I-Team: Lawsuit filed over freeway cash seizures - 8 News NOW

I-Team: Lawsuit filed over freeway cash seizures

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Deputy Lee Dove Deputy Lee Dove
Dee Holzel talks with I-Team reporter Glen Meek. Dee Holzel talks with I-Team reporter Glen Meek.
LAS VEGAS --  A lawsuit has been filed against the Humboldt County Sheriff's Department alleging deputies there are unlawfully seizing cash from motorists traveling on I-80 toward California.

One of the questionable stops was captured on dash-cam video.

Deputy Lee Dove can be observed and heard on the video as he talks with a driver he pulled over.

Deputy Lee Dove: "I just smelled weed. I know I did. I know I smelled weed."

The Humboldt County deputy never finds weed in the car he's searching after a traffic stop on I-80, but he does find $50,000 in cash and $10,000 in cashiers checks.

Dove is suspicious because the driver gave him conflicting answers to his questions and he tells the driver he's confiscating the cash.

Deputy Dove: "Everyday I do this. It's all I do for a living. It's drug interdiction and I get money."

Deputy Dove doesn't arrest or even cite the driver, but he offers him a deal. The driver can sign a release abandoning the cash and keep the cashiers checks and go on his way.

Deputy Dove: "With everybody, that's what I do because they don't want the problems or the headaches so they abandon the money. They take what they've got in their wallet, or in this case cashiers checks, and they bolt."

"The public did not respond positively to this," said Dee Holzel, a local blogger.
 
Holzel is a Winnemucca blogger who takes the temperature of the town at the Global Espresso coffee shop.

She's keeping a close eye on these currency seizures along 1-80. She's concerned that it's not always people with large amounts of unexplained cash.

"Little numbers, amounts as small as six or seven hundred dollars that anybody might have in their pocket if they were taking a trip," Holzel said.

"Some of them are drug dealers, some are innocent people, but that's not the point. The point is -- none of these people should be having their cash taken from them without having evidence of them committing a crime," said Matt Lee, a target of a cash seizure.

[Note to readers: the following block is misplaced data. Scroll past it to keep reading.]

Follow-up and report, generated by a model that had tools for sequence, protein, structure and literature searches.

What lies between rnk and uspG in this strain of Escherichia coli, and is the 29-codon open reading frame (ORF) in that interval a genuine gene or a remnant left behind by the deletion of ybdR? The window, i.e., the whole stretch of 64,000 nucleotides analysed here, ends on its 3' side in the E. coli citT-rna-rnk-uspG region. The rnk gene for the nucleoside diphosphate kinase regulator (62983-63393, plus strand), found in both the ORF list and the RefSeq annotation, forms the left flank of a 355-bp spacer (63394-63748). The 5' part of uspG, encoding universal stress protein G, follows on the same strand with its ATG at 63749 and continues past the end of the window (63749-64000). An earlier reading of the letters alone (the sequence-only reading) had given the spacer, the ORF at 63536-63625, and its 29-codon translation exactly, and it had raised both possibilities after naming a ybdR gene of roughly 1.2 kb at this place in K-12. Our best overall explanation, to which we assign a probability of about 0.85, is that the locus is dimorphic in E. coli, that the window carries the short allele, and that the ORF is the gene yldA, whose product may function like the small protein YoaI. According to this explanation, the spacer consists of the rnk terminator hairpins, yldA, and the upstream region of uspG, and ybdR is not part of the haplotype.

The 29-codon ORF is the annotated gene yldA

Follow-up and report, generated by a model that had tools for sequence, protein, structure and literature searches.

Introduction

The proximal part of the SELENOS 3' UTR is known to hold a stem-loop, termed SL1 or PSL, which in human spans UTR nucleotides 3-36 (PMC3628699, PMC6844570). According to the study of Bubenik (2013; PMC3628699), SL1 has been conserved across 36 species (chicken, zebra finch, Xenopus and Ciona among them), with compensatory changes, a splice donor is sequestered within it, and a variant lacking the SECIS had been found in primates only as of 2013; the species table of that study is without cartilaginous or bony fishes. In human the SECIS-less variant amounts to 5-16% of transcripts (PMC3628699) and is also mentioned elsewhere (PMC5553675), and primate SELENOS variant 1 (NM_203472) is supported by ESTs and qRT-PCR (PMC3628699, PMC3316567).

Lee wrote about his experience on Holzel's blog.

Though he was never charged or even cited for anything, Lee had $2,400 taken from him by Deputy Dove as he drove to California from Michigan to look for a job.

"I don't think many people know what the asset forfeiture laws dictate. What's allowed to be done? And I think if people knew, it would be overturned in a heartbeat," Lee said.

Lee can't discuss the details of his case because, like some others, he signed a confidentiality agreement with Humboldt County in order to get his money back.

"They're buying their silence with their own money," said John Ohlson, Lee's attorney.

Deputy Dove: The only reason why you have that cash is because it's related to some sort of illegal activity. You know it and I know it."

"You got to differentiate between the drug trafficker and the guy who, you know, is going to gamble or likes to carry cash or doesn't trust banks or something," Ohlson said.

He helped Lee get his money back and got $50,000 returned to the driver shown in the dash-cam video. Ohlson has also filed a class action lawsuit on behalf of others who have had cash taken. He says he understands the logic of drug interdiction, but thinks the logic Humboldt deputies are using is flawed.

"They sell weed in California. These people were heading to California, therefore their intention was to buy weed. Even if that logic was true -- which it's not true -- it doesn't matter what your intention was," Ohlson said.

Driver: "I mean, you have no right to take this money."
Deputy Dove: "Yes, I do."
Driver: "I haven't done anything."
Deputy Dove: "Yes, you have. I believe you have. I believe you have, ok."

Holzel and others are calling for an investigation -- of the cash seizures -- that's independent of the local district attorney and sheriff.

"If everything's on the up-and-up, awesome, That's great. But we would like, I think the majority of people would like, it looked at by an outside agency," Holzel said.


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